Franklin Graham has spent this year holding rallies at every state capitol, praying for the nation and its leaders and challenging Christians to be involved in the political process. With the most critical elections in decades now just days away, here are some of the key points excerpted from Franklin's messages at the Decision America Tour events.
Our country is in trouble—we're in trouble spiritually, racially, economically and politically. Washington is broken. Our state capitols are broken.
And I can tell you: There's no party and no individual that can turn this thing around. I have no hope in the Democratic Party. I have no hope in the Republican Party. The only hope for the United States of America is Almighty God and His Son, Jesus Christ. And the most important thing you and I can do is pray.
You see, the moral and political walls of our nation are crumbling. Walls are meant for protection—to keep bad people out. Gates can be opened, and when threats come, the gates can be closed. But our moral walls and gates are down. Any type of wicked thoughts, wicked teaching and activity can come and go. Our educators, big business, politicians and, sad to say, many churches, are more concerned about profits or political correctness than they are about God's truth and His righteousness.
In Nehemiah 1, the children of Israel were in captivity in Babylon. God had brought judgment against Israel for their sins and their transgressions, and Nehemiah was a Jewish slave in the Babylonian king's palace. When some men came to Babylon from Judah, they told Nehemiah that the wall of Jerusalem was broken down, and its gates had been burned with fire. Nehemiah said: "When I heard these words, I sat down and wept and mourned for days. Then I fasted, and prayed before the God of heaven" (Neh. 1:4).
Nehemiah fasted and prayed. His prayer was to confess the sins of his people, his nation, himself and his father's family. God heard Nehemiah's prayer and gave him favor. The pagan king sent Nehemiah back to Jerusalem with the authority to rebuild the walls. He gave Nehemiah letters and a military escort, and within 52 days after returning, he rebuilt the walls of that city and rehung those gates.
Many people say, "Franklin, it's too late for America." No, it's not—not when the church begins to pray.
Our nation needs healing. But before our nation can be healed, our individual hearts must be healed. If you're not sure your sins are forgiven, I want you to know that God loves you. But we have a problem, and that problem is called sin. Sin is disobeying God's standards, and the Bible says we have all sinned. We're all guilty.
But the Bible says that "God so loved the world that He gave His only begotten Son, that whoever believes in Him should not perish, but have eternal life" (John 3:16).
Jesus Christ came to this earth, and He willingly took our sins upon Himself. Christ died and shed His blood on the cross for our sins. And on the third day God raised His Son to life. If you will invite Him into your heart, God will forgive your sins. He'll heal your heart, and you can know that your soul is at peace with God. You can have your sins forgiven.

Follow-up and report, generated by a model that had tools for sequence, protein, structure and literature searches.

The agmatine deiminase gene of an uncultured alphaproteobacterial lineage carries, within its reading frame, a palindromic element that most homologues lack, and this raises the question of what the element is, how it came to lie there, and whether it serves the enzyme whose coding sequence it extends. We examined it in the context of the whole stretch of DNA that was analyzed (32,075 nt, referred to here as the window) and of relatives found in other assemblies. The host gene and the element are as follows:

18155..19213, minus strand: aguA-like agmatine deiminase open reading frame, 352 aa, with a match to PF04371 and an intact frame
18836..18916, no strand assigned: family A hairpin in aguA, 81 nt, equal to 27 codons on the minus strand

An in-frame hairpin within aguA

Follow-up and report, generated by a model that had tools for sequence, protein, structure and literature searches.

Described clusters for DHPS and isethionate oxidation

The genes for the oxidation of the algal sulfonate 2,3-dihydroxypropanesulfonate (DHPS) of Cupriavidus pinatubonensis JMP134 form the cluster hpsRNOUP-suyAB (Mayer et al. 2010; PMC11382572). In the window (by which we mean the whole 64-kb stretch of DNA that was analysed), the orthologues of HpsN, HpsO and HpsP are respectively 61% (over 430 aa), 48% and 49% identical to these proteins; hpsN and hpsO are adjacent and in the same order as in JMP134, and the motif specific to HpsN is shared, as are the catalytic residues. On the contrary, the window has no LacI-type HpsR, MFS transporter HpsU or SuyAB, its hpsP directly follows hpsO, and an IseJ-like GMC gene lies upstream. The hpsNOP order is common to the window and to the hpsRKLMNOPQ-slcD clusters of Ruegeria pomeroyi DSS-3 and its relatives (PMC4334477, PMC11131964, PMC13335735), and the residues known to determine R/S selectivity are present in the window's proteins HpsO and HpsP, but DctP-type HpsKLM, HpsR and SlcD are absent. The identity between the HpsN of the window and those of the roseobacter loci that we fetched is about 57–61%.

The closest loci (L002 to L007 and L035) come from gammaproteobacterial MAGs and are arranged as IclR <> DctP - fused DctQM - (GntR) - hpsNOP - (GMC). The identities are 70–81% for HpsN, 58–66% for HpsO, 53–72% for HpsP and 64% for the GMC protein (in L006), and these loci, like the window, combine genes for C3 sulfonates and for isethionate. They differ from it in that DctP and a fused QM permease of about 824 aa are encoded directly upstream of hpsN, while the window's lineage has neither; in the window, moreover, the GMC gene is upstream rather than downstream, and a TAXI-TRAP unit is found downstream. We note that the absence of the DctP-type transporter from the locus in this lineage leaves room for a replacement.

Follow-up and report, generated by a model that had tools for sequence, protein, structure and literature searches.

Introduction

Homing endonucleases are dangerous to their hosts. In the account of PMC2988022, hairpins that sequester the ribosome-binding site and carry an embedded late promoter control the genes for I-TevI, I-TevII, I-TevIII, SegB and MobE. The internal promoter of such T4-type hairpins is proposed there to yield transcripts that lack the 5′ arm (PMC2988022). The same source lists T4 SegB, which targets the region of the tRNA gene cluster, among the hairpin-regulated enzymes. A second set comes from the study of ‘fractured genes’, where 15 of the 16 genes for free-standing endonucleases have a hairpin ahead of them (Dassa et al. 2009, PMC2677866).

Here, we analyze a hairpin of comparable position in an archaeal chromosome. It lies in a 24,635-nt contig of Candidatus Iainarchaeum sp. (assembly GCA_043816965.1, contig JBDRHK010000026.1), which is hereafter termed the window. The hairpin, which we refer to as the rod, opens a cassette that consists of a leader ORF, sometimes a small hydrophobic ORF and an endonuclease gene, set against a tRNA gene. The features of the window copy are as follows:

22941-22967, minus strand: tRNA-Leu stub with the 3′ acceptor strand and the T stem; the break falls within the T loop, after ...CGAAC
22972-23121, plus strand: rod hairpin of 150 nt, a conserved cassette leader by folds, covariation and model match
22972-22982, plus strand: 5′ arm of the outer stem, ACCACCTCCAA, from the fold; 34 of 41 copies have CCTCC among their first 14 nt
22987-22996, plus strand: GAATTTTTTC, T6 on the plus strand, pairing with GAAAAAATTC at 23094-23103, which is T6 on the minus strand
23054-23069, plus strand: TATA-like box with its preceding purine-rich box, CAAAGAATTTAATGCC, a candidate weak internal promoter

So we look at our country. We're in sad shape, and you say to yourself, "What can I do? It seems like we're helpless." Remember: God hears prayer.
And there's another thing you can do: Vote. I won't tell you who to vote for. God will do that, but you vote. In many countries where I work, people don't have the opportunity to vote.
We still have freedom in this country, and I want to encourage you to vote—not just for the presidential election but for every election. Look at who's running, and vote for people who have biblical faith and values.
People ask me, "What about separation of church and state?" Our forefathers never intended for us to leave our faith out on the Capitol steps if we worked in that building.
The progressives say "You have the 'freedom to worship,'" which means you are restricted to the church. You can't come out into the public with your religion, because you may offend somebody.
No. Our forefathers gave us freedom of religion, where we can live our faith 24/7 in public, wherever we are.
You say, "But Franklin, I don't like Donald Trump," or "I don't like Hillary Clinton, so I'm not going to vote."
You vote. You may have to hold your nose, but vote because this election is not about personalities. This election is not about tone. It's about the Supreme Court.
The first thing the next president is going to do is nominate a Supreme Court justice. And during their term, they may nominate three, four, maybe as many as five Supreme Court justices, and that will change the direction of our country and the courts for 50 years, maybe 100 years. So it's important that you vote.
And I would like to encourage you not only to vote, but also to offer yourself to run for public office. It's too late to run during this political season, but start thinking about two years from now. Maybe God is moving you to a different position. Maybe into the state legislature. Maybe to be a city councilmember. Maybe to be a mayor. Maybe to be on the school board.
Our job as Christians is to make the impact of Christ felt in every phase of life—religious, social, economic and political. But we cannot do it in our own strength or wisdom. We can only do it if we surrender ourselves completely to God. Be an advocate for God's truth, for His righteousness. And let's elect men and women to office who will lead this nation back to really being one nation under God—one that can truthfully say once again, "In Almighty God we trust."
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